ARC provided by author to facilitate this review.
Fake it until you make it. That was the mantra Cori Dash chanted as she chased a big city dream. The more you tell people you’re on top of the world, the more they believe it – just like they believed the embellished image she sold them with her knock off designer facade. It wasn’t lying if the truth stood somewhere in the middle – and she didn’t get caught.
Dominic Blackthorne owned half of that big city…and a reputation. Rather than dispel rumors or show the world the real Nick, he let his own fake image run free. Until Cori Dash – the only person who told him exactly how it was, even if it stung.
When Cori is faced with her ex-fiance, now engaged to her ex-best friend, it’s game on. In her boldest move yet, she concocts her biggest lie to date by introducing the first handsome stranger that walks by as her new fiancé. Happy to play the part, Nick is already planning the fake wedding of her dreams.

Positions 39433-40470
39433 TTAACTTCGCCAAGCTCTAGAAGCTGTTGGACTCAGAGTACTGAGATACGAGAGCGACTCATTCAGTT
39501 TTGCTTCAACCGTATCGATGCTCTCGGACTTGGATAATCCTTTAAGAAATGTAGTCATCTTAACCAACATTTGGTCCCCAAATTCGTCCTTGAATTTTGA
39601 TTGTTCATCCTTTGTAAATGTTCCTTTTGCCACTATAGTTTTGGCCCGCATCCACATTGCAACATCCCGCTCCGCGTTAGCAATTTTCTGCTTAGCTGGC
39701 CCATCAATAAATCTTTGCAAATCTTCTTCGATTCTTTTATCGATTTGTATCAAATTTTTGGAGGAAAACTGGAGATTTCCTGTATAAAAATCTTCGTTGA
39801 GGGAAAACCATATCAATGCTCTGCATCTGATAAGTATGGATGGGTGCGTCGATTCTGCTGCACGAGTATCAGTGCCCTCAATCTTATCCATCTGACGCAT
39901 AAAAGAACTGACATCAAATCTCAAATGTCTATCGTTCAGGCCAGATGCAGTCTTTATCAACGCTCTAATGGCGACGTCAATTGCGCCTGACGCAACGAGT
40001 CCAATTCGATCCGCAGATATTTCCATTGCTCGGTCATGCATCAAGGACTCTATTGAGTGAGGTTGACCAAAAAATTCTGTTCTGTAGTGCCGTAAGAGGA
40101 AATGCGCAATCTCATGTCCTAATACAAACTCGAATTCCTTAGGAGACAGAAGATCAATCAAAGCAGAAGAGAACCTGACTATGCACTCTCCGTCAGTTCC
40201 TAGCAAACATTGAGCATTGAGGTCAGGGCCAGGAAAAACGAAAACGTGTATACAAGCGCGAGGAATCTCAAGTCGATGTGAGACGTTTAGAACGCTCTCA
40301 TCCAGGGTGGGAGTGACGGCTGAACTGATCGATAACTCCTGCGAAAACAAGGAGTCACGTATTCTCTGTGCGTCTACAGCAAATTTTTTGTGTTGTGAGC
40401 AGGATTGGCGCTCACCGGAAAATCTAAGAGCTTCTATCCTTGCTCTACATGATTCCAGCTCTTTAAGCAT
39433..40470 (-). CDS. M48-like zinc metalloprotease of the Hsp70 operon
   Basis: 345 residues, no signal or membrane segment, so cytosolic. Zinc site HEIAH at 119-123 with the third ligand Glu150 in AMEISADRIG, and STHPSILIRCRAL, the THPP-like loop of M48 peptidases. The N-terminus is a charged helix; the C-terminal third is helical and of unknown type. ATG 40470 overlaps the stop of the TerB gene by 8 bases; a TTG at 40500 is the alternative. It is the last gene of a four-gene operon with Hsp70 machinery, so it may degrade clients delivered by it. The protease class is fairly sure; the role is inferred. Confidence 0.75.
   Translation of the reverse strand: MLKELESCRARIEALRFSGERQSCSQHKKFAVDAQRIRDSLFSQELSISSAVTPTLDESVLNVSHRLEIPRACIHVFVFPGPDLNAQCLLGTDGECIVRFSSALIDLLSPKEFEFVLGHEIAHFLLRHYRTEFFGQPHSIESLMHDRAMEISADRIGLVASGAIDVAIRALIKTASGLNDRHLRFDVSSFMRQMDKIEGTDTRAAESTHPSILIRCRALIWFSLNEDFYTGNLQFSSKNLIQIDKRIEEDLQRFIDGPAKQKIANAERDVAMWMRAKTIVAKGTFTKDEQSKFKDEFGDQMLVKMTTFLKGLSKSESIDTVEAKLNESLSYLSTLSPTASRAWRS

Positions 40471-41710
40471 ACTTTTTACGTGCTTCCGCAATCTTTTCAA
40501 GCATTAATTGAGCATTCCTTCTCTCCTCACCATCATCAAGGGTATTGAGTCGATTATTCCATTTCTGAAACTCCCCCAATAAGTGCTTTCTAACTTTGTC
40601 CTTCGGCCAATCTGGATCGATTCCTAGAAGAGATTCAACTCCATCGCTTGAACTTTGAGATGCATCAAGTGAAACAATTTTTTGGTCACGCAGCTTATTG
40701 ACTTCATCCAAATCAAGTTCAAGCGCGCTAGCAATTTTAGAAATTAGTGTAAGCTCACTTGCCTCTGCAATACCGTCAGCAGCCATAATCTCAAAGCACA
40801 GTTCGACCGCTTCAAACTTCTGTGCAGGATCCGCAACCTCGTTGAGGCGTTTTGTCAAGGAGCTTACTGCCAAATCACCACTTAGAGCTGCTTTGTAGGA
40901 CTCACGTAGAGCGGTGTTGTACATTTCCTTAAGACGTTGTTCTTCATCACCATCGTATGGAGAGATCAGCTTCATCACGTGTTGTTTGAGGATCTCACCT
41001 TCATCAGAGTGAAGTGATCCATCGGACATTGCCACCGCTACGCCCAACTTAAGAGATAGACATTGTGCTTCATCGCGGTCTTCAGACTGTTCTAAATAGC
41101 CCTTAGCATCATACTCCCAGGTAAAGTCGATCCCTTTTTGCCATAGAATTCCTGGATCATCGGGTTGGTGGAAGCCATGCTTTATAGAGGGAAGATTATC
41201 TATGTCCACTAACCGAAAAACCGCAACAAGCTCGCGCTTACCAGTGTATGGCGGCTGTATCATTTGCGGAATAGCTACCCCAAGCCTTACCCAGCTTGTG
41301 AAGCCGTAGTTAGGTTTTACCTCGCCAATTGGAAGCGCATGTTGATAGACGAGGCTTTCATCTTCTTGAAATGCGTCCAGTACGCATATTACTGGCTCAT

You know what they say about lying – the truth always comes out – and it hurts. Especially when Cori finds out she isn’t the biggest Liar in this game, and she’s been out played.
This review is a challenging one for me to write. After reading the synopsis for Liar by Stephanie St. Klaire, I expected to get a fun, light-hearted romance with a trope that I enjoy. While that is what I got with the book, I didn’t enjoy it as much as I was anticipating, even though it was still a fun read for me.
I enjoyed the premise of this book and really loved the cast of characters. Nick was a dream, of course, and I enjoyed Cori’s friends a lot. I loved Cori’s grit and determination, that drive to succeed and make something of herself. She was so admirable, and I want all the good things for her. I loved the chemistry between Nick & Cori.
But on the other side of the coin, some aspects of this story didn’t work for me quite so much. There were several parts of the book that just felt over the top and really contrived, and I feel like the story as a whole would have benefitted from another round of editing. While it was in keeping with the theme of the story, some of the antagonism in the book came across as forced and not really authentic.
Novellas are a challenge to me as I’m often left wanting something more, and perhaps that was the case here. Overall, this was a middle of the road read for me. While I had fun reading it, it didn’t quite make magic for me.
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